Schauerte said that this testifies that financial assistance for Albania has been fully merited. He stressed that there is a great interest of German investors to invest in Albania in the field of thermal energy generation, urban wastes processing according to EU standards, etc.

    source: thanks to

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    Alternation of energy resources in Albania

    Posted by franksupa on October 22, 2008

    TIRANA, Oct 22. (ATA). Alternation of energy resources in Albania is necessary, Minister of Economy, Trade and Energy (ETE) Genc Ruli said at the German-Albanian economic conference “Market perspectives in Albania: Energy-Environment-Construction”, which was opened by Prime Minister Sali Berisha.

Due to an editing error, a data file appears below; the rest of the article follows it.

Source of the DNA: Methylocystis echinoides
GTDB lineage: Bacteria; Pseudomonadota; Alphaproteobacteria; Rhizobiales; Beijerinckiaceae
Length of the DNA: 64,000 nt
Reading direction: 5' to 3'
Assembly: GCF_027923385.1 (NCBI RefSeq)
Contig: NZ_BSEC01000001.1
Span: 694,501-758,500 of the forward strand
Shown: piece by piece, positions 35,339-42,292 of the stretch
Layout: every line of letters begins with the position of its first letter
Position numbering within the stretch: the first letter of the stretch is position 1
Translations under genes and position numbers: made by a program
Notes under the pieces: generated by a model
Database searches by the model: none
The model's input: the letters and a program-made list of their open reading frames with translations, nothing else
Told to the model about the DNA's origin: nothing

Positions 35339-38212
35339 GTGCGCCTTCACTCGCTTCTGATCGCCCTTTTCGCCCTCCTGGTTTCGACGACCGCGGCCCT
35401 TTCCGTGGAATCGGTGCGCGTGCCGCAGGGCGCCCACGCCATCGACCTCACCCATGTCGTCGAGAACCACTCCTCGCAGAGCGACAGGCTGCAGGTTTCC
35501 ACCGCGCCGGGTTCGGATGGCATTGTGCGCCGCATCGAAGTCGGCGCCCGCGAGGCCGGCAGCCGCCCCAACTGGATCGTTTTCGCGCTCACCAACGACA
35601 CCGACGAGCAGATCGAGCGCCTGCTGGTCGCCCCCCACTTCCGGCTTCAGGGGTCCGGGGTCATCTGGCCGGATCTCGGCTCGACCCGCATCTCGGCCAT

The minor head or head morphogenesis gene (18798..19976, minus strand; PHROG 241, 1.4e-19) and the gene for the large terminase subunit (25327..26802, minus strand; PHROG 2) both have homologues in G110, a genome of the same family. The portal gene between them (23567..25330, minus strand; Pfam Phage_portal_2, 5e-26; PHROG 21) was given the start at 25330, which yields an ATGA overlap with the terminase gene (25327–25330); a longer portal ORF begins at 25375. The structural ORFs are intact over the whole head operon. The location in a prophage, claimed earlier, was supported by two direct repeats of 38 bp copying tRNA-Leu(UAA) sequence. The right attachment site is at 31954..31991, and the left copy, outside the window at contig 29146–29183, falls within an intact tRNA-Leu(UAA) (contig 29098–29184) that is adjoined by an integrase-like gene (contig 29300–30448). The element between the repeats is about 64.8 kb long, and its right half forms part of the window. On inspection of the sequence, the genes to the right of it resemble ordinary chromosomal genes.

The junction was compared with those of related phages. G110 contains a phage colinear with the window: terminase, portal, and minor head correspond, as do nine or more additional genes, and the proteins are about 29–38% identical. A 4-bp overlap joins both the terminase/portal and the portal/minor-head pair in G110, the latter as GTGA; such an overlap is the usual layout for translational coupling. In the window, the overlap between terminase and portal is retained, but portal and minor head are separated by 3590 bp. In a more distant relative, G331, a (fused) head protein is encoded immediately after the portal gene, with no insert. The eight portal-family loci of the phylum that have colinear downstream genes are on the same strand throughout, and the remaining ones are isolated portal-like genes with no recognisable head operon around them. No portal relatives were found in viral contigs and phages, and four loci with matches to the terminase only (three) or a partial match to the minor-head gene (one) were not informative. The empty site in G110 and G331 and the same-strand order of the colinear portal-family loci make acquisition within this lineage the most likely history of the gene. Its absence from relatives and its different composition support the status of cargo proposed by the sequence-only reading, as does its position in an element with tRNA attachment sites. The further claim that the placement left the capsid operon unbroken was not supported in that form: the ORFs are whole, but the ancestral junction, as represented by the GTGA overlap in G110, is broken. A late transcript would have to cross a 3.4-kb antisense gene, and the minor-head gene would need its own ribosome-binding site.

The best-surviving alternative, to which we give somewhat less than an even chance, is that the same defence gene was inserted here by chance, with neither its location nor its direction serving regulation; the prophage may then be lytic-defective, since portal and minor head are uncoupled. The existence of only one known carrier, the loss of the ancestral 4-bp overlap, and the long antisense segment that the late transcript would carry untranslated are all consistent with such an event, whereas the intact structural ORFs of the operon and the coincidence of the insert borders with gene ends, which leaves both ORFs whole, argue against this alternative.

“Improvements have been made to the law “On concessions” in 2006, but alternation of energy resources are necessary in Albania, as currently 100% of these resources in the country are water resources,” Ruli said at the conference, which was attended by a large number of Albanian and German entrepreneurs.

    “Albania has advantages in developing wind energy,” he said, stressing that the Albanian government “has given priority to the strengthening of inter-connection lines, whose building also enables power export to neighbouring countries.”

    Referring to improvements and facilities in doing business in Albania, Ruli said: “The basic legal and regulatory guarantees, which are also found in foreign countries, have been established over the last three years.